The ways in which drones can be used for good just keeps expanding. The world’s largest drone manufacturer DJI has published an article describing how the company is modifying spraying drones to assist public health officials in China in the fight against the coronavirus.
The coronavirus has become a major health problem in China and around the world. In recent days, airports all over the globe are screening travelers for recent visits to China, and some airlines have now stopped direct flights. The death toll from the virus has topped 1,000 in mainland China, and communities are legitimately concerned about halting the spread of the virus, which can be transmitted person to person.
Chinese public health officials, and Chinese-based drone manufacturer DJI, have been willing to adopt new tools to meet the challenge. DJI has pledged their time, money and expertise to bring drone technology to the fight.
Together with agricultural technology think tanks, DJI has been working to fight the disease. On February 4, we pledged almost US $1.5 million in aid to help contain the outbreak. We have also adapted our Agras series of agricultural spraying drones to spray disinfectant in potentially affected areas. Drones can dramatically improve how China attempts to kill the virus in public areas: They can cover far more ground than traditional methods, while reducing risk to workers who would otherwise spend more time potentially exposed to both the virus and the disinfectant.
Drones for spraying offer many critical advantages, especially in an emergency – they can be up to 50 times faster than traditional methods, and they can keep human operators out of harms way. Relatively simple and inexpensive to operate, drones can be quickly mobilized. DJI recently demonstrated another humanitarian use of spraying drones in Tanzania, with the use of drones to help fight against malaria bearing mosquitos.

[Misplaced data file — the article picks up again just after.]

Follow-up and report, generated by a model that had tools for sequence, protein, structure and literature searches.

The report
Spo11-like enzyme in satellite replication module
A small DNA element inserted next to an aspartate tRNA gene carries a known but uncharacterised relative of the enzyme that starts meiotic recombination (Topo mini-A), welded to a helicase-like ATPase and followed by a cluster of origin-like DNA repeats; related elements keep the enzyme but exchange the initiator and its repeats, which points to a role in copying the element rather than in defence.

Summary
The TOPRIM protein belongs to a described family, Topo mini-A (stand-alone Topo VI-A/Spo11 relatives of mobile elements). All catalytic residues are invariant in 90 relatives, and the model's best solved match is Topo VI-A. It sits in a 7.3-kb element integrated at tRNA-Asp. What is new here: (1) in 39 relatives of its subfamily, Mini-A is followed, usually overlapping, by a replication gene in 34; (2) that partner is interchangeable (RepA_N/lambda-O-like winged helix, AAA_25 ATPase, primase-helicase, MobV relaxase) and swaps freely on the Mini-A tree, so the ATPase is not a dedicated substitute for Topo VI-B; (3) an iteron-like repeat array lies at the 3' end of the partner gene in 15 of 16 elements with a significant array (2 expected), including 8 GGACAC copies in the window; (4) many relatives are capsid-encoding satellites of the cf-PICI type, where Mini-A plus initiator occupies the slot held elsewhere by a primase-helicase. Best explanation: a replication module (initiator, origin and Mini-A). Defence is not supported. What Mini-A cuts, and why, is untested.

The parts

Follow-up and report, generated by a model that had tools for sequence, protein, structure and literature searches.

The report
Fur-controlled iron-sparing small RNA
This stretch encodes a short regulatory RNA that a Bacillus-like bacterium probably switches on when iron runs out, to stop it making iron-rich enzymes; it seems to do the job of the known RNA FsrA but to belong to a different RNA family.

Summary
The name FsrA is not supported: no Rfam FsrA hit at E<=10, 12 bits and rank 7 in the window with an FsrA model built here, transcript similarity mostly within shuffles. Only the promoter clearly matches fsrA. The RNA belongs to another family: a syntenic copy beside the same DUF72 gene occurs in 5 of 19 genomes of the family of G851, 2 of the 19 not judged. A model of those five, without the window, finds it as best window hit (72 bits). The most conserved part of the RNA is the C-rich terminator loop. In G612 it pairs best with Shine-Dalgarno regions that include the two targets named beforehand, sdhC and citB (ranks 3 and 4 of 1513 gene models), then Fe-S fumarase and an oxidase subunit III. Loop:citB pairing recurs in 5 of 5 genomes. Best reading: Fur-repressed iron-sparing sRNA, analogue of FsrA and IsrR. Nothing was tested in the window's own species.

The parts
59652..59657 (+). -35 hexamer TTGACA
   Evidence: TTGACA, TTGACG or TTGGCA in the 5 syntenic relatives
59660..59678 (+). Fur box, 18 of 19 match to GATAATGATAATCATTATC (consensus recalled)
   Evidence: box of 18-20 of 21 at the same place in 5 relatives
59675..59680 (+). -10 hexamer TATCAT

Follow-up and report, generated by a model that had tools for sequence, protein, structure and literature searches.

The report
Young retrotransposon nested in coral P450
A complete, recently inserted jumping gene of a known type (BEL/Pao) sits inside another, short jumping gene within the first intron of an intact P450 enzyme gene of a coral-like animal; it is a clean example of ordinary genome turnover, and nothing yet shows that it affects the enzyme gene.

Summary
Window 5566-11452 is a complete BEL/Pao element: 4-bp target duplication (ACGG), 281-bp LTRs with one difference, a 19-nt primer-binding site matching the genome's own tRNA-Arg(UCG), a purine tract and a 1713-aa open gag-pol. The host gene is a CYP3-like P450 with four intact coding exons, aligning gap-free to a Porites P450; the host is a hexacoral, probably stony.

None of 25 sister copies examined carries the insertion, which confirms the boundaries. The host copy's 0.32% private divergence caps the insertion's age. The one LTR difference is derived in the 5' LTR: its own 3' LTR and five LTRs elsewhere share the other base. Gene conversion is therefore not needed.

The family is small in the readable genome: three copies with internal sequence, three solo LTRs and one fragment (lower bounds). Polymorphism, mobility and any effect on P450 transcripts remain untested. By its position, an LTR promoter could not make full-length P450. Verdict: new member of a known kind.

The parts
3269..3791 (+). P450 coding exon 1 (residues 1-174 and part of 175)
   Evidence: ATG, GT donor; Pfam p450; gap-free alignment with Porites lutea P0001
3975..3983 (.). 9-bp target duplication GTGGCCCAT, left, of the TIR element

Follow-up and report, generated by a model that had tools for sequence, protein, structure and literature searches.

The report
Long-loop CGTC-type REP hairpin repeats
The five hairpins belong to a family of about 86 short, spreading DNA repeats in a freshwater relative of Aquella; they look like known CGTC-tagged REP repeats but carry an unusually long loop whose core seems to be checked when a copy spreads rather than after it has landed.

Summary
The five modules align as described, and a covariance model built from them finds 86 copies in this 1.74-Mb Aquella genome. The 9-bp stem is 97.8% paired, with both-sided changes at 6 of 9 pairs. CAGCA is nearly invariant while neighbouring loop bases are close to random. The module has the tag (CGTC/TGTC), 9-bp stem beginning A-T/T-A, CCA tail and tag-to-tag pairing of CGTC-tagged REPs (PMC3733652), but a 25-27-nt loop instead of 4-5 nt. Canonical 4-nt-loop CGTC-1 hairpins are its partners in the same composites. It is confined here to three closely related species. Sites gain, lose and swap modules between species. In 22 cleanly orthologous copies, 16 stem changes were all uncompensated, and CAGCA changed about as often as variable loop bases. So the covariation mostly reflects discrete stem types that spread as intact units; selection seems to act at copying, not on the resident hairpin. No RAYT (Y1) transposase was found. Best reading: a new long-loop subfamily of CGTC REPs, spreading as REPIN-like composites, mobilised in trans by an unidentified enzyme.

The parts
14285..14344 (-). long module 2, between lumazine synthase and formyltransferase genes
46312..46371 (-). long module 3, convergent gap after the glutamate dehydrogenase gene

In addition to spraying disinfectant, drones have been used as a major tool for educating the public quickly. Drones mounted with loudspeakers or flying banners provided valuable information. Additionally, says DJI: “Thermal cameras on drones were also used to monitor body temperature so medical staff can identify new potential cases.”
With person-to-person infection, drone delivery could prove to be another aid in stopping the spread of the virus, the company says. Drone delivery will enable affected households to receive supplies without risking the spread of infection.
DJI were originators in the #DronesForGood movement. With the coronavirus response, they’re demonstrating new ways that drones can contribute to the problems communities face around the world. Romeo Durscher, Senior Director of Public Safety Integration at DJI, is quoted: “Assisting on the containment of a disease, while ensuring safety to personnel, was very difficult to do in the past,” said Durscher. “This was a complete grassroots movement. Users inspired us to take action, and it was worth the effort. It embodies the DJI spirit, where anyone with the access to these new tools can help improve their environment and help society.”
Miriam McNabb is the Editor-in-Chief of DRONELIFE and CEO of JobForDrones, a professional drone services marketplace, and a fascinated observer of the emerging drone industry and the regulatory environment for drones. Miriam has a degree from the University of Chicago and over 20 years of experience in high tech sales and marketing for new technologies.
For drone industry consulting or writing, Email Miriam or (for paid consulting engagements only) request a meeting through AdvisoryCloud:
Subscribe to DroneLife here.